Spring 2004 Fellow
It is surprising to learn that Sisir Sahana is the sole artist in India who is primarily devoted to glass technology and making glass art. Sahana, a Spring 2004 Resident Fellow at the Creative Glass Center of America in Wheaton Village, draws on the great Indian tradition of figurative sculpture in his work and has been especially inspired by Hindu temples covered with many small figures executed in rough textured terracotta.
The son of a farmer, Sahana grew up in a small village in West Bengal, where he never saw a bus or a car until he was seven or eight years old. From a very early age, he was fascinated with the visual arts. His father tried to discourage him, even beating him for drawing and painting, but when Sahana’s artist uncle died, he left his crayons to the boy. The local teacher also encouraged him to develop his talent. Although his father refused to pay for art college, Sahana’s teacher told him, “You just go there,” and paid his fees.
Sahana went to the village of Santiniketan founded in 1863 by Maharishi Devendranath Tagore. In 1901 his son, Rabindranath Tagore established an experimental open-air school which is now the internationally recognized Visva-Bharati University. There, attending classes held outdoors under the trees, Sahana “slowly entered into a real understanding of what an artist should do.” In the five-year degree program, he studied many materials and processes and came away with skills and a certainty of the central importance of nature. His painting had evolved to reverse painting on glass.
After graduating, Sahana went on to study stained-glass at St. Martins College of Art and Design in London, but, somehow, he became increasingly interested in glass as a medium in itself. After experimenting with slumping and fusing, he began moving toward the multicolored glass sculptures for which he’s best known, though he continues to make paintings, as well.
Sahana now maintains a studio in Hyderabad. He visits his family home, where his three brothers now manage the family farms, two or three times a year. He completed his first residency at the CGCA in 2000. Because the field of glass art is just beginning in India, many processes which are fairly straightforward in the United States are problematic. Melting temperatures of colored glass are not compatible and sophisticated facilities for grinding, polishing and fusing are not available. Though Sahana is able to hire workers to help with some of the more mechanical tasks, he was enthusiastic about the possibility of returning for a second residency at Wheaton Village, where he could tackle ambitious, large-scale subjects.
The theme of Sahana’s present work is “Geosocial Reality: The Transformation.” It’s a complex meditation on the ways life is changing on this planet. Four vertical relief panels combine nature motifs: leaves, farm animals, birds, and flowers mingle with human figures. A book labeled “Hi-Tec” is perused by a female figure in the upper register of one panel, while others have a more bucolic character. Sahana observes that “In India, I have seen that urbanization–cutting down trees and carving up the rural lands—is very destructive. I pick up what is happening. I do not judge. There is no statement.” Nevertheless, he believes that the age-old struggle for survival and the power of nature continue to be the meaningful center of life.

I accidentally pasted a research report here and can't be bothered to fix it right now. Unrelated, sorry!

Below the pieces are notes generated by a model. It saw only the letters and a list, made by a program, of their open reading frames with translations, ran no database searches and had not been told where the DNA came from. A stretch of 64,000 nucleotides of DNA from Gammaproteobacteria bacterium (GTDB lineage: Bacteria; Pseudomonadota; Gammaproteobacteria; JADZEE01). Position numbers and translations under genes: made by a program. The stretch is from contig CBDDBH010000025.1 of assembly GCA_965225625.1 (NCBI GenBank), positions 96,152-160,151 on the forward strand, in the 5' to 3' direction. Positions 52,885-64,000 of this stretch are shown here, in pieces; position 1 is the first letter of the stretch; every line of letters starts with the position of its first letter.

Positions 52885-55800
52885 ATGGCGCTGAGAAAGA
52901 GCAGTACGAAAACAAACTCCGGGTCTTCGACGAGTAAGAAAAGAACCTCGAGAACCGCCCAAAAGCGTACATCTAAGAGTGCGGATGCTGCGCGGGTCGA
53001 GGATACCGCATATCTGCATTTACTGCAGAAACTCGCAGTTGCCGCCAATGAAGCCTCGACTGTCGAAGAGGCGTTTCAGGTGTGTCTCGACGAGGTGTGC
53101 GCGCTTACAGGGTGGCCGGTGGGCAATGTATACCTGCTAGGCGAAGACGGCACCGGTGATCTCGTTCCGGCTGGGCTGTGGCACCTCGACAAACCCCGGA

In the kiln-cast panel Farmer Family, a man gazes nose-to-nose into the eyes of his cow: each being occupies a position of importance. The wife, above, is crowned like a goddess. All beings have a place on earth. In a related relief, a warrior with his horse and spear remind us that “Everybody is a warrior. The warrior is not past.” But, neither is the farmer. “The horse helps us to prosper. The cows [depicted in glass] come from my village and are part of our life. We all live together. If I die today I will go to the soil and be excavated. Everybody will go through that process. I love it.”
Sahana is not religious in the traditional sense, but he sees the Hindu gods within the living man and woman of today. His depictions of women, in particular, manifest the timeless variety of female deities and their stories. “Woman today may be the most powerful person. A woman struggles so much. They come into my work as imaginative forms. Maybe nature is a woman, feminine.” He acknowledges Hinduism as a way of life—an understanding of nature.
Sahana’s sculpture has something in common with the paintings of Chagall in their poetic use of color, free-floating dream-like forms, and rural village motifs. Often disembodied hands and heads in profile dominate his work. Sahana says his predilection for straight angular noses is partly based on the conventions of Greek sculpture. The nose, he believes, gives power to the face. Jewelry is essential to the figures he makes. Ornamentation and decoration are signs of joy in life itself.
Sahana sometimes joins several tall narrow panels into a single column, a monumental free-standing work. More often the panels are intended for residential settings where the subject matter of family, interdependence, and nature is particularly suitable. These pieces have been installed in homes in Cherry Hill, New Jersey, as well as India. He believes glass has great potentiality in India in spite of the fact that some still fear its fragility. Sahana has accepted a great responsibility. He stands at the beginning of glass sculpture in India, where the tradition of figurative sculpture in stone, metal, and clay has evolved for hundreds of years. Fortunately, the energy, commitment, and vision of this young artist seem equal to the challenge.